The Winnipeg Jets learned the hard way in 2018-19 that defense can make or break an NHL team. Luckily, they seem to be on track to turn it back into a strength.
Between injuries to Josh Morrissey and Dustin Byfuglien, and some perplexing personnel decisions, the Jets defensive depth was exposed in both the regular season and the playoffs. General Manager Kevin Cheveldayoff did his best to solidify the position at the trade deadline, but defense is a long game. There aren’t many examples of hastily assembled patchwork defense cores winning a Stanley Cup.
If the Jets recent draft pattern is any indication, they’re well on their way to building their own solid defense core, even though they’ve lacked the high picks of their earlier seasons. They used their first two picks at the 2019 Draft on defensemen.
It’s not the first time the Jets have looked for defensemen on the draft floor. Suddenly, the Jets’ left side on defense looks like a future strength, even if the present is still a little shaky.
Morrissey represents the future on the Jets left side. He’s become their No. 1 defenseman in almost every aspect, and while he hasn’t quite caught Byfuglien in terms of offense, his scoring prowess is growing.
Beyond Morrissey, who seems a certainty to be the big fish on the Jets blueline for the long term, there are plenty of questions. Suddenly, however, there are plenty of promising answers.
Poolman, Niku Provide Immediate Help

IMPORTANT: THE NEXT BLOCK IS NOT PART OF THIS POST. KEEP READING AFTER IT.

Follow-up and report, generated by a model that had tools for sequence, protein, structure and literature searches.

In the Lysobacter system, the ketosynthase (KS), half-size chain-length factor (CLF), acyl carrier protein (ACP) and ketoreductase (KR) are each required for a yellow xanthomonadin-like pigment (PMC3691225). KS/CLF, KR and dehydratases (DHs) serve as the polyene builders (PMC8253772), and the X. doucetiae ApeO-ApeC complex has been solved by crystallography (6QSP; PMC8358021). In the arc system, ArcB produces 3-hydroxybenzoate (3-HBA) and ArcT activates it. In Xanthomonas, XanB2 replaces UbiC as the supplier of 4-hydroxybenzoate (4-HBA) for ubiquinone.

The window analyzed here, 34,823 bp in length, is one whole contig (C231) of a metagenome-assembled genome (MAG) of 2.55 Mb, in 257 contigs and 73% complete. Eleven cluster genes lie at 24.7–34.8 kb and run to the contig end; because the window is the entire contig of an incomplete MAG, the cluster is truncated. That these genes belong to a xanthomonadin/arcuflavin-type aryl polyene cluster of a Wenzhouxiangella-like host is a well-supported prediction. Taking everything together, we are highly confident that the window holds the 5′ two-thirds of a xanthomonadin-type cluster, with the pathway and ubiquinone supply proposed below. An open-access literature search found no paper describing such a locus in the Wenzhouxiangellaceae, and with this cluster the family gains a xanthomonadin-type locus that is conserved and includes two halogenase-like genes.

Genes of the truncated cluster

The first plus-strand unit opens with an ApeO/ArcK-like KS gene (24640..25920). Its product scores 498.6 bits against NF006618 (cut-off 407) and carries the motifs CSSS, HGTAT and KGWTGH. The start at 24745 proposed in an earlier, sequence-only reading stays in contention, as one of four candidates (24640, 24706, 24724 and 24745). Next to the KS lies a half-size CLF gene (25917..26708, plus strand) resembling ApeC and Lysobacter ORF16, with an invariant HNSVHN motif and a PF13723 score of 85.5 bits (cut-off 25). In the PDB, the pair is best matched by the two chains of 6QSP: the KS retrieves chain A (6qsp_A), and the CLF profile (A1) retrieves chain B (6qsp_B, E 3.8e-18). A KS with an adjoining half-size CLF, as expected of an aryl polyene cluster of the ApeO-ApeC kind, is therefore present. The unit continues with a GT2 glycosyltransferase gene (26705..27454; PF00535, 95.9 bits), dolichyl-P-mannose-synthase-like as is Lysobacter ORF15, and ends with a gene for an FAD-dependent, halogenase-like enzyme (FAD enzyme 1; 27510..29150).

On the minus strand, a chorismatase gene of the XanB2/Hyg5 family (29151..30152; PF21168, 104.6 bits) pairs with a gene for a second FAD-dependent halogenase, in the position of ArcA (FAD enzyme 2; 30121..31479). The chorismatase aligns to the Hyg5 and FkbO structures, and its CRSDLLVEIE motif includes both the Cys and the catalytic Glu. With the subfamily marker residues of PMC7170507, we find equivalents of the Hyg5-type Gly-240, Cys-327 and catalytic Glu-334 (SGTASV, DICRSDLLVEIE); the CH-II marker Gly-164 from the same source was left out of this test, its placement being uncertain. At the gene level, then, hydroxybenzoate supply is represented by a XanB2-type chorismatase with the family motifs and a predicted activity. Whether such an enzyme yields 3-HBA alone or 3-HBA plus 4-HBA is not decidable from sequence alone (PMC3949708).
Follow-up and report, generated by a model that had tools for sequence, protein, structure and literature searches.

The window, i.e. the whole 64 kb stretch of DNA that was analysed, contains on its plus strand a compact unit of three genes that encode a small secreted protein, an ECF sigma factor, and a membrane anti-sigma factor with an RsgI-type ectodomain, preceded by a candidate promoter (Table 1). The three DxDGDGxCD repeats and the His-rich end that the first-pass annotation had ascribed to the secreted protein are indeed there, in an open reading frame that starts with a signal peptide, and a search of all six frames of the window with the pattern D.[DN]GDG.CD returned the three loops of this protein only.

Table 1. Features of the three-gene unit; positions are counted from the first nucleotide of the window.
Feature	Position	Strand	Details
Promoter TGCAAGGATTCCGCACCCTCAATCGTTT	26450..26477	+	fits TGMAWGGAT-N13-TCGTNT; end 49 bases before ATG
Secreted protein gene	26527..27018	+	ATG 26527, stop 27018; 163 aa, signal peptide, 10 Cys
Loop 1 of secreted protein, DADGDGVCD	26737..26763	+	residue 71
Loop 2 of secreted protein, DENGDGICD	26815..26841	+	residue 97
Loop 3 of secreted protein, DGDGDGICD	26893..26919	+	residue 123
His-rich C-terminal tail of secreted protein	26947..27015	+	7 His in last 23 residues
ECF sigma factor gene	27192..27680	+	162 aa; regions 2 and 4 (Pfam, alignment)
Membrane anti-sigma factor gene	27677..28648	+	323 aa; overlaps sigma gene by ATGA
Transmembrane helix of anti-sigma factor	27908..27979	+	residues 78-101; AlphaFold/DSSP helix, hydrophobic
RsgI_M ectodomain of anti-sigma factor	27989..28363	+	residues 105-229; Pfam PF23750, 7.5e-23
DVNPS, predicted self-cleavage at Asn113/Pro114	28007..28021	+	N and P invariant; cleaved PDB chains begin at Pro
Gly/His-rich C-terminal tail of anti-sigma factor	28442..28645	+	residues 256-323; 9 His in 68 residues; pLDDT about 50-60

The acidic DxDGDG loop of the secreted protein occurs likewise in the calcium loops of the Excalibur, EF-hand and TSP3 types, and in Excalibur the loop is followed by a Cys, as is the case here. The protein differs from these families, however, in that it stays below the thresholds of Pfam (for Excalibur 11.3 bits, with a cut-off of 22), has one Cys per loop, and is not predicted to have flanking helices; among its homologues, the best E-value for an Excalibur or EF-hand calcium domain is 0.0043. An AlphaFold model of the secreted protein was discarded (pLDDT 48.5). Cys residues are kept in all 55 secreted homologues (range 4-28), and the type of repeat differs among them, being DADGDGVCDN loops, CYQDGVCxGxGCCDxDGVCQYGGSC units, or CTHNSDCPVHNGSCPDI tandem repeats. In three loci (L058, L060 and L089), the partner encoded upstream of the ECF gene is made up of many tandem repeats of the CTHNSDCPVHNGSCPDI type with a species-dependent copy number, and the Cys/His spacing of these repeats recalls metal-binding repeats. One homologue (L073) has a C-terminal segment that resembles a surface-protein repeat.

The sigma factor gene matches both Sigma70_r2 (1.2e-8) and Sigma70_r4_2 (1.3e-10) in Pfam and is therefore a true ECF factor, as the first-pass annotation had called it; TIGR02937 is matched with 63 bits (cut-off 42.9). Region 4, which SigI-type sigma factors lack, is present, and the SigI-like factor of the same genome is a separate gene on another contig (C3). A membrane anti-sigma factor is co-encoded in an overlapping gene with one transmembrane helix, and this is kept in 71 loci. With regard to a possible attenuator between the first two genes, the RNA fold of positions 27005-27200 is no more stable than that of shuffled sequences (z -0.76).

While many of the Jets prospects, 2019 first-rounder Ville Heinola included, are at least one season away from any major impact, there are more instant reinforcements on the horizon. Several of the Jets past picks are starting to climb the ranks.
The biggest climber since his draft season in 2015 has been Sami Niku. Though he suffered through a down season as he was badly underused in 2018-19, his puck-moving skills remain top-notch, perhaps the best of any prospect in the organization and certainly of all those NHL ready.
In an era where smooth-skating defensemen who can pass or skate the puck ahead as the situation dictates are prime commodities, Niku could be a huge part of the Jets defense this season. Given a chance on the power play, he could reinvigorate a second unit that struggled most of the season.
The other source of immediate help, not as flashy as Niku but perhaps steadier, is Tucker Poolman. Poolman’s short but sweet stint in 2017-18 led many observers (this one included) to think he was ready for a much bigger role in Winnipeg.
An injury-plagued follow-up campaign never saw him return to the Jets, but it did see him play some of his best hockey yet with the AHL’s Manitoba Moose. He posted 25 points in 43 games and was relied upon in all situations.
Barring injury troubles, Poolman should be ready for NHL duty this coming season. Tyler Myers seems increasingly likely to leave town on a very pricy contract, and that coupled with Jacob Trouba’s departure would open the door for him.